The Supreme Court rendered the 106-Tai-Shang-1009 Civil Decision of May 25, 2017 (hereinafter, the “Decision”), holding that since a public servitude formed by a land is exercised for water discharge and irrigation of farms as the purpose of use, public use of lands should not go beyond such purpose, or inappropriate exercise of a public servitude is constituted.
According to the facts underlying this Decision, Individual A used the land at issue for freshwater fish cultivation. However, the Taiwan Chia-nan Irrigation Association (hereinafter, the “Irrigation Association”) and the Houbi District Office of Tainan City (hereinafter, the “Houbi District Office”) discharged polluted water into the land at issue, making fish cultivation impossible in the land at issue. Since a loss of income for two years was incurred, a court decision was sought to award damages and stop the discharge of waste water into the land at issue.
According to the Decision, a public servitude on a private land is formed when the private land is provided for public use for public interest. The exercise of rights associated with the land is constrained only when a public servitude is properly exercised for such specific public interest. If the exercise exceeds the objectives of such specific public use or is improper to an extent that the owner’s right is illegally impaired, it is not true that the owner cannot exclude such exercise or seek damages.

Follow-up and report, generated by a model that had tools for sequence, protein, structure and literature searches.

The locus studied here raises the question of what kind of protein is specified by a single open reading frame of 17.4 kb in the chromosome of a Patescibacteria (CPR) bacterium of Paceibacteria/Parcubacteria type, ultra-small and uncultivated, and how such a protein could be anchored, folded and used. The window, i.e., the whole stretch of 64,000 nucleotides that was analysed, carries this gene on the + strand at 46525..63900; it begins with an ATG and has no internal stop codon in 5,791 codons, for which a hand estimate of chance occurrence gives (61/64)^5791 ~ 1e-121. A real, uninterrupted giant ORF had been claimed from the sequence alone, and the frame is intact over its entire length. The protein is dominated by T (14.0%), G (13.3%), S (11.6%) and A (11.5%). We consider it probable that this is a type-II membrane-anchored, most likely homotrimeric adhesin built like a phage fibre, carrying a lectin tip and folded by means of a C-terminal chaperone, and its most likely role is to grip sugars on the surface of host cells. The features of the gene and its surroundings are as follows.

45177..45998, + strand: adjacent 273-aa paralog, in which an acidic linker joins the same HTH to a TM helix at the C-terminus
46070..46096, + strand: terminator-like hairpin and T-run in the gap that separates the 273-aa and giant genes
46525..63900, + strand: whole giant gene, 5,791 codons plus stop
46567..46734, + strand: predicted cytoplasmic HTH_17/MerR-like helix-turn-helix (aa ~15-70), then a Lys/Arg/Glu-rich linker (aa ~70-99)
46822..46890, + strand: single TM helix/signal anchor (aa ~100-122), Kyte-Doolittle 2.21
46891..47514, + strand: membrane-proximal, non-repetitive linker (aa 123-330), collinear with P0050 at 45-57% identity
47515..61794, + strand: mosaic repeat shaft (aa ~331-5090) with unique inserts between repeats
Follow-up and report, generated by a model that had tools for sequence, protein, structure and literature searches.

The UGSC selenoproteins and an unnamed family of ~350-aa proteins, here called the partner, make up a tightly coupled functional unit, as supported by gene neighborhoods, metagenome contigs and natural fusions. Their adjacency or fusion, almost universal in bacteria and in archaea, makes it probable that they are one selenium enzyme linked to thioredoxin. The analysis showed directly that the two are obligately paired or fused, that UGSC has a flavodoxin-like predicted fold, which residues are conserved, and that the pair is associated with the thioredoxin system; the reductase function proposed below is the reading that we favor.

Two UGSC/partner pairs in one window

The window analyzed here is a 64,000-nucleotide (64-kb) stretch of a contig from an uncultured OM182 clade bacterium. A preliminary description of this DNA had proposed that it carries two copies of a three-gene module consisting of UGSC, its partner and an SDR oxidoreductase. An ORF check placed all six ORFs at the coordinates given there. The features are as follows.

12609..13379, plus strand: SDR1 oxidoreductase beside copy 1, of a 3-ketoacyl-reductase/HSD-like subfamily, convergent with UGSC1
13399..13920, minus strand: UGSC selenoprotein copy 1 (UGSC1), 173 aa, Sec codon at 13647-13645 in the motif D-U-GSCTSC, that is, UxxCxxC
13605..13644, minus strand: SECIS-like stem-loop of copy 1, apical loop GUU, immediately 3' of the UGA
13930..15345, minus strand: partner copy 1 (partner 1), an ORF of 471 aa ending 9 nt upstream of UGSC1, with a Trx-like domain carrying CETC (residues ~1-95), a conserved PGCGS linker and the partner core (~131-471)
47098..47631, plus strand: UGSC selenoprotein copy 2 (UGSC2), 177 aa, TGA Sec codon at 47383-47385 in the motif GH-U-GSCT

It was further pointed out in the Decision that the public servitude on the land at issue has been formed over a long period of time and has been exercised for water discharge and irrigation of farms. Therefore, the public use of the land at issue should not go beyond the above purpose or an improper exercise of a public servitude will be constituted and remedies such as damages may be sought.
It was further held in the Decision that since irrigation water for farms should still meet a certain water quality standard, this calls into question if the discharge of polluted water under the management and maintenance of the Irrigation Association met the quality standard for irrigation water. The installation of gutters by the Houbi District Office to accommodate the need to improve community roads has exceeded the purpose of the above-mentioned public servitude for water discharge and irrigation of farms. This calls into question if the land at issue was used based on a public servitude. Another question is whether Appellant A could exclude such use and seek damages on the ground of unlawful use. Since it was still necessary to conduct further investigation before this matter can be decided, the original decision was reversed and remanded.